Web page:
What Is Selenium? - Benefits, Foods & Deficiency Symptoms

Instructor: Jayne Yenko

Jayne has taught health/nutrition and education at the college level and has a master's degree in education.

Explore selenium: discover how the human body uses this element, and find out whether it is wise to include this as a supplement to your diet. Find facts pertaining to selenium's discovery, and learn about its industry uses as well.

What is Selenium?

Selenium comes under the nutritional category of micro-nutrients, meaning that it is needed in smaller amounts than those of macro-nutrients, such as protein. Selenium is found in the soil, where it is taken up by plant roots. The amount of selenium a plant contains is determined by the amount found in the soil where the plant is grown. We generally obtain the mineral by consuming animals that have eaten plants, or by eating the plants themselves. While plants do not need selenium, they do need sulfur. If the ground they are rooted in does not contain sulfur, they will use selenium as they would sulfur.

Selenium is a non-metal element, closely linked to sulfur, number 34 on the periodic chart. Selenium rarely occurs by itself in nature. Most commonly, it is found combined with other elements like sulfur or copper.

Selenium is the 34th element on the periodic table.
periodic table selenium

Selenium was identified in 1817 after some sulfur was burned, leaving behind a red substance. Selenium comes from the Greek word 'Selene,' which means 'moon goddess.' Selenium is used in the glass industry, in solar cells, and in anti-dandruff shampoos. Most of the selenium used today is produced in Germany, while China uses the most.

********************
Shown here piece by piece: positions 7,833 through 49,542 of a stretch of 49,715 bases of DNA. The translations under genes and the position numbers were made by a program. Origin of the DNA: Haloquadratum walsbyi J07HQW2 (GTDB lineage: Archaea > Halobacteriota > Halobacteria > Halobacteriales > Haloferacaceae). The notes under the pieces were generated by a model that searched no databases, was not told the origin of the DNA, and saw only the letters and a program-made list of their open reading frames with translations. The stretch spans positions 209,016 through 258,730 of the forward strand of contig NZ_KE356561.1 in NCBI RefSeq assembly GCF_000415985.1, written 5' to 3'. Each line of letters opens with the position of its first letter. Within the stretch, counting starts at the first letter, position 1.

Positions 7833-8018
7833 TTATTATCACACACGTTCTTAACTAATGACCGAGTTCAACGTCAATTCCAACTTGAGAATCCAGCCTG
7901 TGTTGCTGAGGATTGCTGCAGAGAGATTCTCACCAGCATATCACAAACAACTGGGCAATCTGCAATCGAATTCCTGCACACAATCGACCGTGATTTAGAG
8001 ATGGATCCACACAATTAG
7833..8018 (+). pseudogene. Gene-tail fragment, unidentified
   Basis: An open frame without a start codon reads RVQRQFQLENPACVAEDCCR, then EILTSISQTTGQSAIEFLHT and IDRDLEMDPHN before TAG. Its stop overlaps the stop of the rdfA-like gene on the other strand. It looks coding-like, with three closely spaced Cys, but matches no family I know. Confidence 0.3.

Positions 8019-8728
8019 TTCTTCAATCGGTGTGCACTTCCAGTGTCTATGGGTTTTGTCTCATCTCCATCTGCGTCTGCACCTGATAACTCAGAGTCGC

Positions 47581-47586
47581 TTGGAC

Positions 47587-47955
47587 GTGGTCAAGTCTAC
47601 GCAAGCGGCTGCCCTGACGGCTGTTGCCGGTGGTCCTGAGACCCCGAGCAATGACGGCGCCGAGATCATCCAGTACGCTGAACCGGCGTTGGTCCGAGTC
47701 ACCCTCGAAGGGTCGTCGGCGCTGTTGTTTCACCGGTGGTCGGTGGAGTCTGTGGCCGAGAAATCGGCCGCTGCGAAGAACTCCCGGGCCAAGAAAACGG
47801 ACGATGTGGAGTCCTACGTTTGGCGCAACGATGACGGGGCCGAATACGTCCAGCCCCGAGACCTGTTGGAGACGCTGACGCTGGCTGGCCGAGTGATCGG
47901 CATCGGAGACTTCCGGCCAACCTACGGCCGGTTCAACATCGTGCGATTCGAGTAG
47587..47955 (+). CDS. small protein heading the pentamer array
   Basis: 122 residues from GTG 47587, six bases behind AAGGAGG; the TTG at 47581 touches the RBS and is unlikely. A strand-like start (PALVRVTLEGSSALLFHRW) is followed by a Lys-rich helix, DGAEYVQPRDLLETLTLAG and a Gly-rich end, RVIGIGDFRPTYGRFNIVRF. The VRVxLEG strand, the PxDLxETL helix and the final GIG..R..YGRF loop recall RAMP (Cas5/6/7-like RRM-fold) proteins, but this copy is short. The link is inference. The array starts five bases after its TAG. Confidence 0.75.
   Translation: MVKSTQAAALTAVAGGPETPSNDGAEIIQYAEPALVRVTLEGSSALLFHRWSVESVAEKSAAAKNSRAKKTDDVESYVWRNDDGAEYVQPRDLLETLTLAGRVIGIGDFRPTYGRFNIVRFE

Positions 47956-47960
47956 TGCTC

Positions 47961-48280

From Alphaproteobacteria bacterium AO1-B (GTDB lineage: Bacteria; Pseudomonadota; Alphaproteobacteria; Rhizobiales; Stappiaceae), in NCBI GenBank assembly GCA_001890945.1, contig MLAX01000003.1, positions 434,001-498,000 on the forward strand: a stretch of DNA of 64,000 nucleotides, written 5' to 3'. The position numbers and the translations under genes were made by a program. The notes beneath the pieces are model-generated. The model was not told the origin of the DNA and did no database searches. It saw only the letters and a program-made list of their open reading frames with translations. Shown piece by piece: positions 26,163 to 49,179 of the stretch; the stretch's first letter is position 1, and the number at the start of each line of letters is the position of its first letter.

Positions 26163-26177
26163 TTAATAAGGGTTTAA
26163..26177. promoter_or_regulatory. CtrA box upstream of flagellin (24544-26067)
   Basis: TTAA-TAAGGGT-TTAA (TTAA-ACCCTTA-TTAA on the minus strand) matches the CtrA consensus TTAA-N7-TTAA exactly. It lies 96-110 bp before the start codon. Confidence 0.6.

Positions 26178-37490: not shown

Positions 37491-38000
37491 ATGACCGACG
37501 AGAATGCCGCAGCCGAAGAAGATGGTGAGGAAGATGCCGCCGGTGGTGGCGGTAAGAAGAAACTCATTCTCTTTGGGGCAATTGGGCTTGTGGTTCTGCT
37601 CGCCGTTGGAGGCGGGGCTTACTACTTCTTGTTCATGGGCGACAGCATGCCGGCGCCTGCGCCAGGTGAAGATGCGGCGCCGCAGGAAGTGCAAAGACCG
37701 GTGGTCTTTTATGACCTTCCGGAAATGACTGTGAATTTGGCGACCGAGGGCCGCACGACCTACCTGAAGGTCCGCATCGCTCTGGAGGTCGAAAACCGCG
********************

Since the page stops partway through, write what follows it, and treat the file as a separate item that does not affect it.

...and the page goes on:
The human body requires selenium for a variety of enzyme activities in metabolic processes such as reproduction and thyroid function. Enzymes work as catalysts to enable or speed up chemical reactions within the body. For example, if you were to fry an egg, without the addition of heat, you would just have a runny egg. Heat would be the catalyst in this example. Selenium is considered an antioxidant because it is able to repair DNA and prevent oxidative stress. Research is being conducted to see if selenium might be useful in the prevention and treatment of cancer, heart disease, dementia, and thyroid diseases.


We cannot manufacture selenium within our bodies, so we must eat foods that contain it. Many foods are excellent sources, such as nuts (especially Brazil nuts), seafood, meats, grains, and dairy products. Poultry and eggs are also good sources, though fruits and vegetables don't generally contain much selenium. The average daily intake is 120 mcg, with the upper safety limit being 400 mcg. Unprocessed foods are the best source, since selenium may be destroyed during processing.

Brazil nuts contain very high levels of selenium.
brazil nuts

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